National is again calling for the Government to put off tomorrow's minimum wage rise, saying businesses were "are already facing huge financial struggles" due to the Covid-19 coronavirus pandemic.
The minimum wage is set to go up to $18.90 an hour on April 1. It is currently $17.70 an hour, which would mean an extra $48 a week for Kiwis working full-time.
"Going ahead with the minimum wage increase during this crisis is irresponsible," National Party leader Simon Bridges said.
"Increasing the minimum wage will add substantial costs at a time where almost every industry in New Zealand is feeling the pain of the coronavirus outbreak and this additional cost will hit them hard.
"We are urging the Government to defer the increase for six months while we reassess its affordability during this unprecedented economic situation."
National called for the delay earlier this month, at the time, the Prime Minister said they were not considering scrapping the minimum wage rise.
"What we need people to keep doing is continue to spend and consume," Jacinda Ardern previously said. "The adjustments to benefits, and what people are anticipating in their wages are all part of what will continue to keep the economy ticking over."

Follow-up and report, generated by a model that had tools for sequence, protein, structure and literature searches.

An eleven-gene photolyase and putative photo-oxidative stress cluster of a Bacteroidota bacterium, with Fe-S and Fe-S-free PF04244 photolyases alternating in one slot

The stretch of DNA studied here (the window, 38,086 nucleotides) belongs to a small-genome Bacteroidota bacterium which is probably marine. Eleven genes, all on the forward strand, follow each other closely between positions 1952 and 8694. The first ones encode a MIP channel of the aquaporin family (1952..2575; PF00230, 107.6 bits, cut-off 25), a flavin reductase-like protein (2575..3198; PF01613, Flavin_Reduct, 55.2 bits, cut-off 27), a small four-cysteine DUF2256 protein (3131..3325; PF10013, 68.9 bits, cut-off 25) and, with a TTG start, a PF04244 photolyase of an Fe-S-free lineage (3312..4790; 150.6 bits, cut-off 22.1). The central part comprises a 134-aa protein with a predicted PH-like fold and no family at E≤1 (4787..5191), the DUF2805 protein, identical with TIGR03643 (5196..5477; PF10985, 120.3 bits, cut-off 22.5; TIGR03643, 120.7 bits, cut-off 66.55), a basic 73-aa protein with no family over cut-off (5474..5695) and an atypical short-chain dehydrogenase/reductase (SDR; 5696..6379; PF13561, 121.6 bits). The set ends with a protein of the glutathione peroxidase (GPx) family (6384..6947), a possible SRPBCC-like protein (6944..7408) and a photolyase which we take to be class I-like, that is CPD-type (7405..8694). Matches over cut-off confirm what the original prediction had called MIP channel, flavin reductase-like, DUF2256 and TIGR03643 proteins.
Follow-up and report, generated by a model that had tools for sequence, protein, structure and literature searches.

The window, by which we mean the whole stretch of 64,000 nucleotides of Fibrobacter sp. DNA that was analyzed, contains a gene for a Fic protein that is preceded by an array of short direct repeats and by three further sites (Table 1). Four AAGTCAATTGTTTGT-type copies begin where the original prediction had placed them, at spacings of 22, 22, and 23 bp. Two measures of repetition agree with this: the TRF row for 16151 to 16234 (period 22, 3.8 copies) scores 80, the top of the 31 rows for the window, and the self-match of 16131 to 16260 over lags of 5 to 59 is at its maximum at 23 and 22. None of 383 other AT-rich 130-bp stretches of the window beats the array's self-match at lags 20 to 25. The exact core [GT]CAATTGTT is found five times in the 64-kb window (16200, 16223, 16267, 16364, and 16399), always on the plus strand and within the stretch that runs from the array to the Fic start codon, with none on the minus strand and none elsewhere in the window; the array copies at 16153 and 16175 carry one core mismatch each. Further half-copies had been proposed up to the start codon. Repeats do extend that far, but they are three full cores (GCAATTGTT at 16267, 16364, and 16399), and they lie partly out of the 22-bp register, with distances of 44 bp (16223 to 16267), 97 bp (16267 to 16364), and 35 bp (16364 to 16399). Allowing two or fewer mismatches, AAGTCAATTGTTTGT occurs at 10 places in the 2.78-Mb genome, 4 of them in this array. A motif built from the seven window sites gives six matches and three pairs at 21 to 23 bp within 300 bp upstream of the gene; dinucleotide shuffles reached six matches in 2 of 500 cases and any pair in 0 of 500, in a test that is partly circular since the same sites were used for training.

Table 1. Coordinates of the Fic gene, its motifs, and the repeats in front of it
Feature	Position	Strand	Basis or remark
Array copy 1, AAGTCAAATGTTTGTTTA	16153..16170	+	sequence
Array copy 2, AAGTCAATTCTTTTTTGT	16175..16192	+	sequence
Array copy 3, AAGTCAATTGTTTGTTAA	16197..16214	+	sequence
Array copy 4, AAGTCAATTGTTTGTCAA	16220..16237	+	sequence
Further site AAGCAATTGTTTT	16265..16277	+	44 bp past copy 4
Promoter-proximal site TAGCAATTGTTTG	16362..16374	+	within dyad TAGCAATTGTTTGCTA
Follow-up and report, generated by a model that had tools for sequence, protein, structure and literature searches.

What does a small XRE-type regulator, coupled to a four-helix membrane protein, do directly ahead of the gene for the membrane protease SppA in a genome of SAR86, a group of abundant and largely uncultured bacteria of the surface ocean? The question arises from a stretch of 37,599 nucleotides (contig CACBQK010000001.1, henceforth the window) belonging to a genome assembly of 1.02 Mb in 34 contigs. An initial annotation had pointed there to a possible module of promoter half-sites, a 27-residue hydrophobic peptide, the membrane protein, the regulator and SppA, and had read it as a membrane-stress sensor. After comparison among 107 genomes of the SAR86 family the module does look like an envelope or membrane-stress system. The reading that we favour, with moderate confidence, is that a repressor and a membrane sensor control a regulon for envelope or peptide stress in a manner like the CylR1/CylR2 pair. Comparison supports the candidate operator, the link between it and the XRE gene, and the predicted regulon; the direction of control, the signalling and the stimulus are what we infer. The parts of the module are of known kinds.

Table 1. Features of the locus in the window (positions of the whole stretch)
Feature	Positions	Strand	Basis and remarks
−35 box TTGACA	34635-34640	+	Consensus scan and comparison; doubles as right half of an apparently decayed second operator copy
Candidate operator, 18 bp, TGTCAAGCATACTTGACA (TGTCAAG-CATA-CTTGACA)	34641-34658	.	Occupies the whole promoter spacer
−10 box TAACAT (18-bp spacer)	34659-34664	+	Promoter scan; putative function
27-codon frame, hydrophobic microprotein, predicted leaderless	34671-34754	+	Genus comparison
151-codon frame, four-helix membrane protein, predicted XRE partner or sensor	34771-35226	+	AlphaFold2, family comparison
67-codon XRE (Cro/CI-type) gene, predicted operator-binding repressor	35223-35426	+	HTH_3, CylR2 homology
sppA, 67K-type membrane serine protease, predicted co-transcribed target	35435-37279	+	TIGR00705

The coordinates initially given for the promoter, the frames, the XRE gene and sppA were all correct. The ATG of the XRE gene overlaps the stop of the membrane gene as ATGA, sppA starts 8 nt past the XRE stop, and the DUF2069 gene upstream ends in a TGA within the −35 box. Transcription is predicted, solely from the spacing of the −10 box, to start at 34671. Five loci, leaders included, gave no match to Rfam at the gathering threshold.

Finance Minister Grant Robertson said on March 10 many businesses had been "preparing for some time" for the rise.
"It's important to us we continue to support people on low and middle incomes. The idea we would stop is that kind of broad brush approach that's not actually appropriate in the current situation we're in."
FIRST Union general secretary Dennis Maga also called delaying the rise "a terrible idea that punishes the worst off in society while exacerbating the problem it pretends to solve".
Since then, the country has been placed in lockdown, with much of the nation self-isolating.
"It is counterproductive to try and stimulate the economy while the vast majority of businesses are closed and people are stuck in their homes," Mr Bridges said.
"Many businesses are struggling to stay afloat and keep employing workers right now. Adding more costs is not the solution."
Yesterday, Jacinda Ardern said $3.7 billion had been paid out under the wage subsidy scheme to more than 580,000 workers.